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Driving after orthopaedic surgery

The Journal of the American Academy of Orthopaedic Surgeons | 5 Nov 2013

GS Marecek and MF Schafer
Abstract
The decision to drive after orthopaedic injury or surgery is fraught with legal and safety issues. Although driving is an important part of most patients' lives, there are no well-established guidelines for determining when it is safe to drive after injury or treatment. Typically, impairment in driving ability is measured by changes in the time needed to perform an emergency stop. Braking function returns to normal 4 weeks after knee arthroscopy, 9 weeks after surgical management of ankle fracture, and 6 weeks after the initiation of weight bearing following major lower extremity fracture. Patients may safely drive 4 to 6 weeks after right total hip arthroplasty or total knee arthroplasty. Patients should not drive with a cast or brace on the right leg. Upper extremity immobilization may cause significant impairment if the elbow is immobilized; however, simple forearm casts may be permissible.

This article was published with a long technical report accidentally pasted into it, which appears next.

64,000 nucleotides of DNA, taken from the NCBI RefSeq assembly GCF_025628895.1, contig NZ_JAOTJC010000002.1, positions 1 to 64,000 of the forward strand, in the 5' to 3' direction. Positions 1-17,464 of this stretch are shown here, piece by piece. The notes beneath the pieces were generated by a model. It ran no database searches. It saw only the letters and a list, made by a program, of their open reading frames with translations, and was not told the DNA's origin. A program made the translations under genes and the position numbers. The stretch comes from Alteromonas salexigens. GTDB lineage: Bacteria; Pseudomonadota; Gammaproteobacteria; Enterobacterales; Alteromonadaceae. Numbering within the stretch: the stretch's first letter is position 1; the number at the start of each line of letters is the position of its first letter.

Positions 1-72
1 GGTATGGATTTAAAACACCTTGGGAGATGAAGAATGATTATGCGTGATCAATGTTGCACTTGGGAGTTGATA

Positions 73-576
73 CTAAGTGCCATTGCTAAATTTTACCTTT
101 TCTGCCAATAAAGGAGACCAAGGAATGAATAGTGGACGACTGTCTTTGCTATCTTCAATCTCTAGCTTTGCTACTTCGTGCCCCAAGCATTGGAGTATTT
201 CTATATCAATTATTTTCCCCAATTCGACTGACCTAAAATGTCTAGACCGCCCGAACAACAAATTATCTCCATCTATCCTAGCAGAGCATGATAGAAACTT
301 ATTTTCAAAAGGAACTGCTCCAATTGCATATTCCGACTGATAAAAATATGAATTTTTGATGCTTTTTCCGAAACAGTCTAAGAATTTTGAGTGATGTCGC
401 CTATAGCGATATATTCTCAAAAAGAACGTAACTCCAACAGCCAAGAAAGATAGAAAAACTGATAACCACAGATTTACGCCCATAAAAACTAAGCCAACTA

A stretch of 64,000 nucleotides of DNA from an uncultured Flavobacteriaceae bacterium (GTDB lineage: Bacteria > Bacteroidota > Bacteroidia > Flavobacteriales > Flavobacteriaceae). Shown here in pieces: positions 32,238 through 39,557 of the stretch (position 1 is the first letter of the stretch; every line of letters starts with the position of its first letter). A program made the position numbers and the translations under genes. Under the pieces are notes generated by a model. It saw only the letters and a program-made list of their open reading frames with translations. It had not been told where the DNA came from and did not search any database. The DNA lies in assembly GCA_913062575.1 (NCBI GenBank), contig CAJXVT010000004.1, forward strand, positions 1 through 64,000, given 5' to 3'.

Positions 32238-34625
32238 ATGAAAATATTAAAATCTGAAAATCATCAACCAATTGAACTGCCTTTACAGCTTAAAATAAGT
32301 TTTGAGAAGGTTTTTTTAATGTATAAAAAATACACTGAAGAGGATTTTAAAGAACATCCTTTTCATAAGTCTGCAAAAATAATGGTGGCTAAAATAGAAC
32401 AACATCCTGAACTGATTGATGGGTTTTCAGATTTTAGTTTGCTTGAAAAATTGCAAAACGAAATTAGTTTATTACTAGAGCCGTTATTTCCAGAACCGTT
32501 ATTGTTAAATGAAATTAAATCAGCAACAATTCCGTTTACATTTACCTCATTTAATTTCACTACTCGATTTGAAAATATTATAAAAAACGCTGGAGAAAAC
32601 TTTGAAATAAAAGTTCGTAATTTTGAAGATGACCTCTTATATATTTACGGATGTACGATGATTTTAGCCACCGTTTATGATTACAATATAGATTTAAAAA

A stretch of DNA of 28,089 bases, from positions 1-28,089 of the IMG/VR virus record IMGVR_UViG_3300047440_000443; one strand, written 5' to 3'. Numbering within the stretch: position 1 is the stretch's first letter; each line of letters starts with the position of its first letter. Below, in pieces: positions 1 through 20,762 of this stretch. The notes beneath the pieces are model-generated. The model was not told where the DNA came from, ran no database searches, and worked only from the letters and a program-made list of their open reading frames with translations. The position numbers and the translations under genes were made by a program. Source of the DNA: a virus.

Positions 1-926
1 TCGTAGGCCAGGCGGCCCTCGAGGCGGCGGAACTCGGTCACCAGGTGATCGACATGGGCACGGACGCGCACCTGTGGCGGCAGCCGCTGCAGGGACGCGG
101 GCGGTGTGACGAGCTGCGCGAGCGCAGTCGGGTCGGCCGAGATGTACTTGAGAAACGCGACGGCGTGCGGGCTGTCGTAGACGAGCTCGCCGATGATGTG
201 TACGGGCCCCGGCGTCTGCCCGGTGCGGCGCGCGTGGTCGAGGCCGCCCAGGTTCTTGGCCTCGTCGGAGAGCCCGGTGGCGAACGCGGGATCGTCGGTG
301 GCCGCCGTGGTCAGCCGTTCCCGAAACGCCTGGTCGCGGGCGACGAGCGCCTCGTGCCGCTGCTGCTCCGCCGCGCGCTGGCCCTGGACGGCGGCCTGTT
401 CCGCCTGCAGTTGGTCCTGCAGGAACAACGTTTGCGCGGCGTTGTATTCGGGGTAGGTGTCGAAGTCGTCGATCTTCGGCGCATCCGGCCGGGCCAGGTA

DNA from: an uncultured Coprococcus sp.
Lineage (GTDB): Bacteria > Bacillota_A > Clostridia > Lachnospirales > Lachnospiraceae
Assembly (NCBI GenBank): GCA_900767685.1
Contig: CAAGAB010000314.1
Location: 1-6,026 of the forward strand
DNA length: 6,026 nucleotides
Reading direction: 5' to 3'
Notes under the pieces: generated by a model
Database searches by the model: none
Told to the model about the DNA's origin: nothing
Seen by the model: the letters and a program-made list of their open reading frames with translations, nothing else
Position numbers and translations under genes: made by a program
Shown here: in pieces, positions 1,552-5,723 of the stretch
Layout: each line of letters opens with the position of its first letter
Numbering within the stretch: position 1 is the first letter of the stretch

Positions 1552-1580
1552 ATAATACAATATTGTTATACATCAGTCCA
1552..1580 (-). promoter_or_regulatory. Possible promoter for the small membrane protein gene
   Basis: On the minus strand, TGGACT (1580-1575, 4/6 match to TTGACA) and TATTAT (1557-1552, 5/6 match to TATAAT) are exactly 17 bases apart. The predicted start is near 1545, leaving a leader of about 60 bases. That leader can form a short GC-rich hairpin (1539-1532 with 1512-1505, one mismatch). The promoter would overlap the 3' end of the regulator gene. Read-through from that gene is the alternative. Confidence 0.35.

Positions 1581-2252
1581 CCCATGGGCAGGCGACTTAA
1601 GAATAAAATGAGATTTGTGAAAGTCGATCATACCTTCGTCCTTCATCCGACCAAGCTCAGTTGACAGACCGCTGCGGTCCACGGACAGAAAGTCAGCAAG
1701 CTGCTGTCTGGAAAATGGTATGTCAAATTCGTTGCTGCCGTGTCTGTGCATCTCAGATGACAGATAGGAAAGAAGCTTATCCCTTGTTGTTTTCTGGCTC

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Concepts
John Charnley, Joints, Human leg, Arthroscopy, Knee replacement, Joint replacement, Hip replacement, Orthopedic surgery
MeSH headings
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